At its meeting on 9–10 May, the Board of the Global Fund discussed the decision last February not to proceed with new grants to the Democratic People’s Republic of Korea (DPRK), also known as North Korea. The discussions took place in executive session. The Fund is sticking with its decision.
When it announced the decision in February, the Global Fund said that “despite additional safeguards, we remain concerned that the unique operating environment in the DPRK prevents us from being able to provide the Board with the required level of assurance and risk management around the deployment of resources and the effectiveness of the grants.” (See GFO article.)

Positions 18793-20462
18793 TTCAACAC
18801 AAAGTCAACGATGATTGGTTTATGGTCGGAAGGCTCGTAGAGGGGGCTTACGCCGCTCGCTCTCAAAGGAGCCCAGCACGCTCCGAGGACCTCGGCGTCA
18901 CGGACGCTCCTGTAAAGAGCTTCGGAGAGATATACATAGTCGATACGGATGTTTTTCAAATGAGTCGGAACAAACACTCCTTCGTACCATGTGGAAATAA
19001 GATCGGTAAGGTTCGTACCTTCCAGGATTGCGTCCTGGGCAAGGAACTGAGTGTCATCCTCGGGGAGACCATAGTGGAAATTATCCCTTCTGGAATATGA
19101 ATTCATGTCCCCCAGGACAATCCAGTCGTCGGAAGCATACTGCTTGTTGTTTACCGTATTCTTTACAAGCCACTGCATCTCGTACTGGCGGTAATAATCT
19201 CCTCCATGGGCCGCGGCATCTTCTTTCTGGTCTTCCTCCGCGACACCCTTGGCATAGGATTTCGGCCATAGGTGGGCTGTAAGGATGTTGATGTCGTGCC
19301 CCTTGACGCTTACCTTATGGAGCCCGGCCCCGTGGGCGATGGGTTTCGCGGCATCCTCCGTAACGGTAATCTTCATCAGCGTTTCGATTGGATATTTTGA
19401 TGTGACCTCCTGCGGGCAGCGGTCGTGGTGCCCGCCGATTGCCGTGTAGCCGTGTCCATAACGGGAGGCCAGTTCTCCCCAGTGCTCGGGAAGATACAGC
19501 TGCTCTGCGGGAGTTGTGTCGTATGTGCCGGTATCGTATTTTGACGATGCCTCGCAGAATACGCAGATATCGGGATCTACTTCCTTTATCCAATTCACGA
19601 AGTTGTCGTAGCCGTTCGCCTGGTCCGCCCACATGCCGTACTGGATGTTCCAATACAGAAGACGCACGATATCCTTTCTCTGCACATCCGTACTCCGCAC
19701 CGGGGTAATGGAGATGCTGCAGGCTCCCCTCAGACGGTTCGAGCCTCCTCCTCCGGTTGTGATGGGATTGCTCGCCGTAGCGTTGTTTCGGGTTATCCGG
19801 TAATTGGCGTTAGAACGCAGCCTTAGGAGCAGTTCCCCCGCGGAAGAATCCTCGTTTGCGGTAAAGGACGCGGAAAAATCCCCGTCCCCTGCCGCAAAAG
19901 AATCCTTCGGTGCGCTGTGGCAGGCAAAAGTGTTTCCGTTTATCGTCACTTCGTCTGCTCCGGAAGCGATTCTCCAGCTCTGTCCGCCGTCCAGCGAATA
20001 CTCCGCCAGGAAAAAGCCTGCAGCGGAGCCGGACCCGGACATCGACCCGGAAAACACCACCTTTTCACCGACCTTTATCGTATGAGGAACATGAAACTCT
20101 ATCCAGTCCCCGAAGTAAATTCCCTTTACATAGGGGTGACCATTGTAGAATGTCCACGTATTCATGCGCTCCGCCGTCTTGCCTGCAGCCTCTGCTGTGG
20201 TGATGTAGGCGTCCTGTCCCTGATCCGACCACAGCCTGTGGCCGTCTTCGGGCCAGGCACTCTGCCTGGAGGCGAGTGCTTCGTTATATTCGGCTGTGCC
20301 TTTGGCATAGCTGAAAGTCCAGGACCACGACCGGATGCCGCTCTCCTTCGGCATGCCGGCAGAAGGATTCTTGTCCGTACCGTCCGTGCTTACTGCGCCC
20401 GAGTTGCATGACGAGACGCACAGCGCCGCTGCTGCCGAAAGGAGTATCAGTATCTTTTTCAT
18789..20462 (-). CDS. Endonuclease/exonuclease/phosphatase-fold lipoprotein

In a posting on its website on 10 May, the Global Fund said that the Board “expressed continued concern for people affected by TB and malaria in DPRK,” and said that a responsible phasing out of current grants should help ensure provision of mosquito nets and medicines for 2018, and the availability of sufficient TB drugs, plus a buffer stock, to allow patients enrolled on treatment during the current grant period to complete their treatment.
“The Board remains committed to supporting the health of the people of the DPRK, and notes that DPRK remains eligible for Global Fund financing,” the posting said. “The Global Fund hopes to re-engage with DPRK when the operating environment allows the access and oversight required.”
The Global Fund’s decision continues to generate reaction. See, for example, an article by Kwonjune J. Seung in NK News on 2 May.